2.7
The selection and appointment of an individual to a Chair or Professorship shall be conducted in
accordance with normal University policy (including Policy: Academic Appointments) and/or the
provisions of the relevant Collective Agreement (except as provided in section 2.8).
2.8
Notwithstanding the provisions of Policy: Academic Appointments, in cases where it is proposed
that a member of the University's full-time (including G.F.T.) academic staff be appointed to a
Chair or Professorship, such an appointment may be made without a search with the approval of
the Vice-President (Academic) and Provost, normally on the recommendation of the unit head
and, where appropriate, the dean or director.
2.9
Nothing in sections 2.7 and 2.8 will be deemed to prevent the University or the relevant unit of
the University from providing an opportunity for consultation with the donor(s), or their
representative(s). Responsibility for the appointment of individuals to Chairs and Professorships,
however, rests solely with the University.
2.10
Appointees to Chairs and Professorships may be granted tenured, probationary, term or
contingent appointments, as approved by the Board of Governors.
2.11
Appointees to Chairs and Professorships normally shall be full-time employees of the University
(except for Joint Chairs or Professorships).
Responsibilities of Appointees to Chairs and Professorships
2.12
The specific duties and responsibilities of appointees to Chairs and Professorships shall be stated
in a formal letter of offer.
2.13
While Chairs and Professorships may allow for a greater concentration on research, scholarship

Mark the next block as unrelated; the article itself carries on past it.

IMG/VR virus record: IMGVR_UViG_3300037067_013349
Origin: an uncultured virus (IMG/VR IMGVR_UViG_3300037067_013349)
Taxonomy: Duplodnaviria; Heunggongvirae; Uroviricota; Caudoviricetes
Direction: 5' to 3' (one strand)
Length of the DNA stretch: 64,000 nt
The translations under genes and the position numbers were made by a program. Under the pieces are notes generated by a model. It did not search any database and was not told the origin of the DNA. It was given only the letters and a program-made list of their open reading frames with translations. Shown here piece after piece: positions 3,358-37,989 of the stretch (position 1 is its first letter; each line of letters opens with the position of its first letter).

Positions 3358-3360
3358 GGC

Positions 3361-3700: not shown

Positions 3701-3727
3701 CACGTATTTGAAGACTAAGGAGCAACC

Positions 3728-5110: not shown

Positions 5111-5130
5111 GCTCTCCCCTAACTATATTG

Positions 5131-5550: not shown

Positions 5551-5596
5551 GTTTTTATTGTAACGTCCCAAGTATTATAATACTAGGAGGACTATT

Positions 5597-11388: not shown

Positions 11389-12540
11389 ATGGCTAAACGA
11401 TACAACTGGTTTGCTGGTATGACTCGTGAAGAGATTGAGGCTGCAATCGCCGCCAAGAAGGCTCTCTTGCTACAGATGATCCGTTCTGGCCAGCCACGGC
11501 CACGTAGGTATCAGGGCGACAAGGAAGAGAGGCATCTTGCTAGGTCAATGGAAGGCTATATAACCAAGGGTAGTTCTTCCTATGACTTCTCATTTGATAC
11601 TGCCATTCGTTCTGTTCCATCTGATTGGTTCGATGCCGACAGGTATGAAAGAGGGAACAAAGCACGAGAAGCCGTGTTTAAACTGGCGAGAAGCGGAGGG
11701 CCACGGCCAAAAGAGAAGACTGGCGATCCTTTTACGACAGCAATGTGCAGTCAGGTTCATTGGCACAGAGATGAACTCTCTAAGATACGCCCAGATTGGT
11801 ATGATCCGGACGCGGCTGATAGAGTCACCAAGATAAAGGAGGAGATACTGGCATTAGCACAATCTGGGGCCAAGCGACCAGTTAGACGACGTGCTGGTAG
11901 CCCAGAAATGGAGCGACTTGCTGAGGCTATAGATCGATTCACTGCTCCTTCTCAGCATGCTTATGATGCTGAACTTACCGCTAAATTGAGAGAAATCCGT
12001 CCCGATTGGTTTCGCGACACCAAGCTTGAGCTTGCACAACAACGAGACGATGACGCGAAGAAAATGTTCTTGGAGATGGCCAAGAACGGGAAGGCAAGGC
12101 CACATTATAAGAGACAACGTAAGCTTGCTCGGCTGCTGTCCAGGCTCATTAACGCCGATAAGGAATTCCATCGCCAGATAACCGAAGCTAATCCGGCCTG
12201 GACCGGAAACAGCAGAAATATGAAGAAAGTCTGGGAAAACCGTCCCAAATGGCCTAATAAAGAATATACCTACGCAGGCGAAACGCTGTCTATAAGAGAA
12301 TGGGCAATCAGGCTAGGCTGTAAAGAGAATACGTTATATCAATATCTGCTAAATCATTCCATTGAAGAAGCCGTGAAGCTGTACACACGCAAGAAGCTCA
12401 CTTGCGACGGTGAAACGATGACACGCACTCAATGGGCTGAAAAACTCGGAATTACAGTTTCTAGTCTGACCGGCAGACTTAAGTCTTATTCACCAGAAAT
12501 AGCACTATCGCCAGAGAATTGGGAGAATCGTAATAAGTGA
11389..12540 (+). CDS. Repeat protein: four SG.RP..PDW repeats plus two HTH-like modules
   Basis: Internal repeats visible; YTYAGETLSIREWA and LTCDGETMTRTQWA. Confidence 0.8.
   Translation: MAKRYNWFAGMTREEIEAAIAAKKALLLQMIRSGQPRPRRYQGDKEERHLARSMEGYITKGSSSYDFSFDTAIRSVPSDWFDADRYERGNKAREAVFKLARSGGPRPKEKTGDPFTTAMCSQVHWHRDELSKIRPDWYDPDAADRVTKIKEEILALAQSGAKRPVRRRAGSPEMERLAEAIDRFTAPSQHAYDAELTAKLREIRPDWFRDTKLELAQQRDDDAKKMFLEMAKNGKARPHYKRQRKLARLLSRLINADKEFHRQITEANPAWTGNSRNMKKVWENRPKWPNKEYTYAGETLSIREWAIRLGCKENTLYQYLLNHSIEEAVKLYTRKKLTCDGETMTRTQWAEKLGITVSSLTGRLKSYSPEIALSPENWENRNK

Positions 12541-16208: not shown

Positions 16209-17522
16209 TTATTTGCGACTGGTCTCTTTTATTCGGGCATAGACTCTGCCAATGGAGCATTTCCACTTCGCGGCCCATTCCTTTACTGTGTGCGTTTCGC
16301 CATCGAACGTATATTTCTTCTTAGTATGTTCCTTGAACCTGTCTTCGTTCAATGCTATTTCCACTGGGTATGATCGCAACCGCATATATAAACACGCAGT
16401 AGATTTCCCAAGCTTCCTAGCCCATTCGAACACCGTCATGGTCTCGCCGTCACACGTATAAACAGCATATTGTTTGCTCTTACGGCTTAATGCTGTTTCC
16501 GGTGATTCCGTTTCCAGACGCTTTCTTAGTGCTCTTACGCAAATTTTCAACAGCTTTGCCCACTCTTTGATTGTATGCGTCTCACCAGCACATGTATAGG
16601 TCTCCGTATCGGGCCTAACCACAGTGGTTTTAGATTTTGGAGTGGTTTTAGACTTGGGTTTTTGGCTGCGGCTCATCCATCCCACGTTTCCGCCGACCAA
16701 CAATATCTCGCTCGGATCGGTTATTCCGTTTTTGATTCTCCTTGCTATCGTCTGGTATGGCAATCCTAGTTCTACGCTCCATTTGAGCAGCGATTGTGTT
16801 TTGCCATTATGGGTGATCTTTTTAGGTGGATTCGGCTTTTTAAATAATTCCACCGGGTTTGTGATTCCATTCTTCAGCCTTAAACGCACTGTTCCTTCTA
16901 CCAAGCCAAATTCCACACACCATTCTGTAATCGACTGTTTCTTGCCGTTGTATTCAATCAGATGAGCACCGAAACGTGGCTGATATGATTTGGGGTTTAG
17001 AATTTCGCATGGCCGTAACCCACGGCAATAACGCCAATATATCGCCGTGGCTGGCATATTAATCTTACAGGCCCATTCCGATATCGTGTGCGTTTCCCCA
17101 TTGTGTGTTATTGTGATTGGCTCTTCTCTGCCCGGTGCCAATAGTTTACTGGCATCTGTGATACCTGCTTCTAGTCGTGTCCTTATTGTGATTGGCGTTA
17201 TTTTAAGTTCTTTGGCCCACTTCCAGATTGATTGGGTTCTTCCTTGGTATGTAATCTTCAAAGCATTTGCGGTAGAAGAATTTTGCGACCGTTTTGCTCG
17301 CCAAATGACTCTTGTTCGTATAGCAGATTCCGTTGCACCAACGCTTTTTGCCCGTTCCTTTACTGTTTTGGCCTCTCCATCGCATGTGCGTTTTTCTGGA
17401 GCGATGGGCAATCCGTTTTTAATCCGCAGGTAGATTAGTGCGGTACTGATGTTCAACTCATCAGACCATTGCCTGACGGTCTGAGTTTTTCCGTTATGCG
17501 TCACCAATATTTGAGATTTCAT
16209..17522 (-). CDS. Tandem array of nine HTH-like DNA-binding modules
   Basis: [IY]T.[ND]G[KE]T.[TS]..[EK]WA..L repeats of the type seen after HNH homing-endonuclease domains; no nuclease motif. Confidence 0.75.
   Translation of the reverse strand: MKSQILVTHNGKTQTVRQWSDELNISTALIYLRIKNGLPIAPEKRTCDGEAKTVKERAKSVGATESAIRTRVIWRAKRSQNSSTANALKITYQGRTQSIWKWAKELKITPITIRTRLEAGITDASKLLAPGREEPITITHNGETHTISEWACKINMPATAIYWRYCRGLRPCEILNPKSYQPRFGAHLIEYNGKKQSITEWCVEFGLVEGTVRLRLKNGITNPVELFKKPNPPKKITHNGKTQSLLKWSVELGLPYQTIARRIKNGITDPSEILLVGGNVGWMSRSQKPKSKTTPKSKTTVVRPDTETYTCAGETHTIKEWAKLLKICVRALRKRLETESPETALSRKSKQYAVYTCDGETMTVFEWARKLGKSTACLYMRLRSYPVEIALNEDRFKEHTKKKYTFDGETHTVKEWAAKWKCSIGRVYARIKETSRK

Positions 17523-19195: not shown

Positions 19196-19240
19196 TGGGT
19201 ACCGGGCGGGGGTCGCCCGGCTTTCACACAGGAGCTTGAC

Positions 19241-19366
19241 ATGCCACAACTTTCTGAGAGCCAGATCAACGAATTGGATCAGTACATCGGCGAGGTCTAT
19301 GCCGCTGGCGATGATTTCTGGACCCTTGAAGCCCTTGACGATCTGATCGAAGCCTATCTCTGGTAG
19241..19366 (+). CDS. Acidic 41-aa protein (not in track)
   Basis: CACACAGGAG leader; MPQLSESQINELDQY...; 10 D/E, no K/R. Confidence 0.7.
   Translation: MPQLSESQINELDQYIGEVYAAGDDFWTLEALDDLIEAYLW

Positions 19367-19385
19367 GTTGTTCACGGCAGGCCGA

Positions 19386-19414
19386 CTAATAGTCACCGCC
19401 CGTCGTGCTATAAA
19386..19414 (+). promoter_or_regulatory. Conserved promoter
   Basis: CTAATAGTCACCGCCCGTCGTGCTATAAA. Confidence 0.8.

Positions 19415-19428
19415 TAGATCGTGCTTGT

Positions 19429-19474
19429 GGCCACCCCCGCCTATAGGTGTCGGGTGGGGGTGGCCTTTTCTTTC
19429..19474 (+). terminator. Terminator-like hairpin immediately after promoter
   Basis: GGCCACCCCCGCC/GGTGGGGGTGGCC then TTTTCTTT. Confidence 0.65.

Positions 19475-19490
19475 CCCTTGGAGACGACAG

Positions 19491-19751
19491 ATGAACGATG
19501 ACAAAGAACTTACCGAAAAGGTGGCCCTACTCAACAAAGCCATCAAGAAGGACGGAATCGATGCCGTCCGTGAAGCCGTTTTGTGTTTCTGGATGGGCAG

and creative works than that afforded by a regular academic appointment, a reasonable
commitment to teaching is expected of all appointees to Chairs and Professorships.
2.14
During the first year of the appointment, appointees to Chairs and Professorships shall normally
be required to give a public lecture. The scheduling and announcement of such lectures shall
normally be coordinated by the relevant unit head, in collaboration with the University's
Marketing Communications Office.
2.15
Appointees to Chairs and Professorships shall report annually, in the same manner as other
faculty, to their unit head. Holders of Chairs and Professorships shall furnish an annual report of
activities to the unit head, the dean or director, where applicable, and the Vice-President
(Academic) and Provost. In the case of Chairs and Professorships that are primarily intended to
enhance the University's research programs, an annual report of activities shall also be provided
to the Vice-President (Research).
Review of Chairs and Professorships
2.16
The performance of appointees to Chairs and Professorships shall be reviewed in the same
manner as other members of faculty.
2.17
If appointment renewal is permitted, the unit head or, where applicable, the dean or director is
responsible for initiating and coordinating a timely reappointment review process. The resulting
Page 68/146
recommendation on reappointments shall be reported to the Vice-President (Academic) and
Provost.
2.18
The administrative and financial arrangements pertaining to a Chair or Professorship shall be
reviewed on a periodic basis but not less than every five years. The unit head or, where
applicable, the dean or director is responsible for initiating and coordinating this review. The
results of this review shall be reported to the Vice-President (Academic) and Provost.
Part III
Accountability
3.1